My dear friend and shaman, Janet Barrett (whom I highly recommend for energy work), turned me on to this quote by Ralph Waldo Emerson: "Finish each day and be done with it. You have done what you could; some blunders and absurdities have crept in; forget them as soon as you can. Tomorrow is a new day. Begin it serenely and with too high a spirit to be encumbered with your old nonsense."
I've too often found myself stewing in recriminations and regrets about what I have or haven't done in my life--and when you get to that "certain age" (64), the opportunities to do so are frequent and persistent..
In saner moments, it's easy to see that all regret and recrimination is a result of judgments and conclusions that form into an overall point of view: "My life is nothing like I expected it to be", or "You'd think by now I'd have some things figured out", or "All this time has gone by and I still don't know shit." And then you consider all the time you've spent mulling over this apparent malfeasance, and it adds more gasoline to the fire of self-condemnation.
In his quote, Emerson makes it all about choice. CHOOSE to forget those "blunders and absurdities"; CHOOSE to begin anew; and CHOOSE to begin it "serenely and with too high spirit to be encumbered by your old nonsense".
As Janet pointed out to me the other day in one of our marathon sessions, "What are you getting out of these judgments you're making about yourself? What is the reward?" Ouch. Does it actually feel good to wallow in self-pity? Well, if I was going to be completely honest, yes, there is a certain resignation and soft numbing not unlike falling asleep--and that does feel good. It's a sort of endorphin release of the abdication of responsibility combined with the cuddly softness of not giving a damn. It's a sort of soft rebellion of choosing not to care, choosing not to take action. It can be addicting, and I suspect it is what can lead a person into clinical depression.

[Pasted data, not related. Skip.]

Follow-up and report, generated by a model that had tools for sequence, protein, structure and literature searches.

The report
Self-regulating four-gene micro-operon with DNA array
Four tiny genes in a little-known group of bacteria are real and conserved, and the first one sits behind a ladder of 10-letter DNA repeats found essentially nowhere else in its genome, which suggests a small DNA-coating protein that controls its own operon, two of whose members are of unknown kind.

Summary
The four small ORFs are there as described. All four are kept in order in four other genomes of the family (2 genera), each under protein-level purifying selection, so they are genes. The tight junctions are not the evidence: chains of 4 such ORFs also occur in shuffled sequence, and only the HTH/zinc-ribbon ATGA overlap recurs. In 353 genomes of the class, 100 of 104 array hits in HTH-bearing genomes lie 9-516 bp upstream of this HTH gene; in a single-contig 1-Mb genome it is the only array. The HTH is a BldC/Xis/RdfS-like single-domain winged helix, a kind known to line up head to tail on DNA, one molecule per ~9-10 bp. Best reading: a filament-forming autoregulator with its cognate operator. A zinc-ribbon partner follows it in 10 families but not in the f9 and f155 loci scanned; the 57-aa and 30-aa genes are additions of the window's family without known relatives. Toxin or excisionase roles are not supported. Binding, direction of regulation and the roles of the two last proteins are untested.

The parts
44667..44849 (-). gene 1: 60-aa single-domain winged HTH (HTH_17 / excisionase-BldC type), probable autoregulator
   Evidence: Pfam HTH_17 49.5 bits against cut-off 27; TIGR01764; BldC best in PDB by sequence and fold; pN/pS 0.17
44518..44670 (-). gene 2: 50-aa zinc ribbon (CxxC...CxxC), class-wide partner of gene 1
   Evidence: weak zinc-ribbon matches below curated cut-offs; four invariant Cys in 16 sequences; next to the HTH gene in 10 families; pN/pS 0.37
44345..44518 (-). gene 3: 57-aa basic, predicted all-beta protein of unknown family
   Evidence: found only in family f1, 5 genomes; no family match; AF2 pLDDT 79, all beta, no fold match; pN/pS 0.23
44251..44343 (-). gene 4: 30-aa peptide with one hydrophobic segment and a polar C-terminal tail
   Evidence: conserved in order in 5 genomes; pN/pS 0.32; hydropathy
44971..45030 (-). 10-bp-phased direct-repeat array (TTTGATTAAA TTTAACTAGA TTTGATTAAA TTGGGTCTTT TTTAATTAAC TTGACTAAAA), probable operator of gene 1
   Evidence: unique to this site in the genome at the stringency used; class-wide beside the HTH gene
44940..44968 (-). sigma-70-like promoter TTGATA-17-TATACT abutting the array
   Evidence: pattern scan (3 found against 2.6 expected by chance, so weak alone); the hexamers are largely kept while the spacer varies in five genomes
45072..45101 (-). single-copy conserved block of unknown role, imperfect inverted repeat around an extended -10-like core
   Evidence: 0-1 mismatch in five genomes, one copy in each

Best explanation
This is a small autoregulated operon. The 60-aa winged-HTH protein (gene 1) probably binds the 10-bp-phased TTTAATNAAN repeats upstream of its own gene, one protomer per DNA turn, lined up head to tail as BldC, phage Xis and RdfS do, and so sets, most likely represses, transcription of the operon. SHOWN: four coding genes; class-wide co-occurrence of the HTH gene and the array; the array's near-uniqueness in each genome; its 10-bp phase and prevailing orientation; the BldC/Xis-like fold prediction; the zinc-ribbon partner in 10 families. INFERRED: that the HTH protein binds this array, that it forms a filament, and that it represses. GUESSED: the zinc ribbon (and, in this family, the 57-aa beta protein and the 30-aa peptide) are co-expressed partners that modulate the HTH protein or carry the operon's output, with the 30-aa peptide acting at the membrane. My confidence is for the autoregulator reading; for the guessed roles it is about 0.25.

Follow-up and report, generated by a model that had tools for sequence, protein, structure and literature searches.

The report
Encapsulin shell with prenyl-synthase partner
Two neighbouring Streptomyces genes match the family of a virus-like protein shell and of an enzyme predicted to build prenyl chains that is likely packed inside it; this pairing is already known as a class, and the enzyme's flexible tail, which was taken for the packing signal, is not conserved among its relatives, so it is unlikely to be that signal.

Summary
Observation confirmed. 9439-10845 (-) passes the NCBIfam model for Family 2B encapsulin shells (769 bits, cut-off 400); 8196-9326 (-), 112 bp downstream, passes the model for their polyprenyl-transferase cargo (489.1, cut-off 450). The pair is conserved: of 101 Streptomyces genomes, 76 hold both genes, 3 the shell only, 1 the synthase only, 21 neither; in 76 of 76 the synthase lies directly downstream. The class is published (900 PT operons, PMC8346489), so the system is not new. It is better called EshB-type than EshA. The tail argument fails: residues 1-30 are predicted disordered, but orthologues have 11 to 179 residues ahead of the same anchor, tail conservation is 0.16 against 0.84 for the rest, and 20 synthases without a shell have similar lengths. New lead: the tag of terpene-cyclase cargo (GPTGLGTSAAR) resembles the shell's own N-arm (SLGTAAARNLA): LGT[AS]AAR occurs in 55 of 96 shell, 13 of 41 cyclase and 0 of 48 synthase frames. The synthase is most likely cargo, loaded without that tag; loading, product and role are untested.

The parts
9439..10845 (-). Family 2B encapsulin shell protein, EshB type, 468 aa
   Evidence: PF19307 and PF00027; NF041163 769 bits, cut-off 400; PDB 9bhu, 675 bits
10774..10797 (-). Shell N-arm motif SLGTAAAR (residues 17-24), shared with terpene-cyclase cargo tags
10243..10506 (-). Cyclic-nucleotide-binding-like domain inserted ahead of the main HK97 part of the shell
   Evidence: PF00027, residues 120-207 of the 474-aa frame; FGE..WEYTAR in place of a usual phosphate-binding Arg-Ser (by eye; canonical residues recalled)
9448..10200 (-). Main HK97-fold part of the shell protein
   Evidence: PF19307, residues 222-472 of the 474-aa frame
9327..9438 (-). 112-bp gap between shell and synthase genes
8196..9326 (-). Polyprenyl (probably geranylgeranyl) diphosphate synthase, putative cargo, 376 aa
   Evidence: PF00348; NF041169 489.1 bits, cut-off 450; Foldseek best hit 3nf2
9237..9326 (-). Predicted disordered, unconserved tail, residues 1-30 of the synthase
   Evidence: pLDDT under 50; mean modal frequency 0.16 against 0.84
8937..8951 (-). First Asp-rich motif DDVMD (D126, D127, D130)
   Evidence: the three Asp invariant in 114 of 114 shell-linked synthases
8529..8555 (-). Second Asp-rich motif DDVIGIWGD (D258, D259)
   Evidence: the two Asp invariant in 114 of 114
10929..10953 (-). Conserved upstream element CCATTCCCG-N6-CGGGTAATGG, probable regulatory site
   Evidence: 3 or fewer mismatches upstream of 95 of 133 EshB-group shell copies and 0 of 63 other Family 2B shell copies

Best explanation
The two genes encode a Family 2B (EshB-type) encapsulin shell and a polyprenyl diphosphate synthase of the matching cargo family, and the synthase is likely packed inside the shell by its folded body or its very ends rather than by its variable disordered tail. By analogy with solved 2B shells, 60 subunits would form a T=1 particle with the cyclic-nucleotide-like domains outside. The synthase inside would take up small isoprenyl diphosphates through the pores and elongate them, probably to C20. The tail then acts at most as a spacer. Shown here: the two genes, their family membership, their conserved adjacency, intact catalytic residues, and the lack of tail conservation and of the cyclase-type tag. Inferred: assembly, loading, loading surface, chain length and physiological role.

It's not that there is anything wrong with this syndrome--it's just something to choose against, really. The soft heaviness and comfortable apathy is the vehicle carrying us toward death. It shows up in the body as a sapping of energy, a need to lie down, a compulsion to tune out everything that is not that--a path to oblivion.
Oddly, I've noticed I can jump out of this vehicle's gravitational pull by asking the simple question, "What would it take to finally have joy and ease in my life?" And after a time, the photons return to energize the DNA, and lo and behold there is light at the end of the tunnel.
The thing is, Life really doesn't care whether you personally live or die, since through living it expresses itself through you, and in death, simply uses the vacated quantum waves, molecules and cells to joyfully re-animate into new forms of life. So the choice to live or die is yours alone to make.
Vital and energetic joy and ease are what life uses to be more of itself. And when we are "full of life" there is automatically joy and ease in our lives.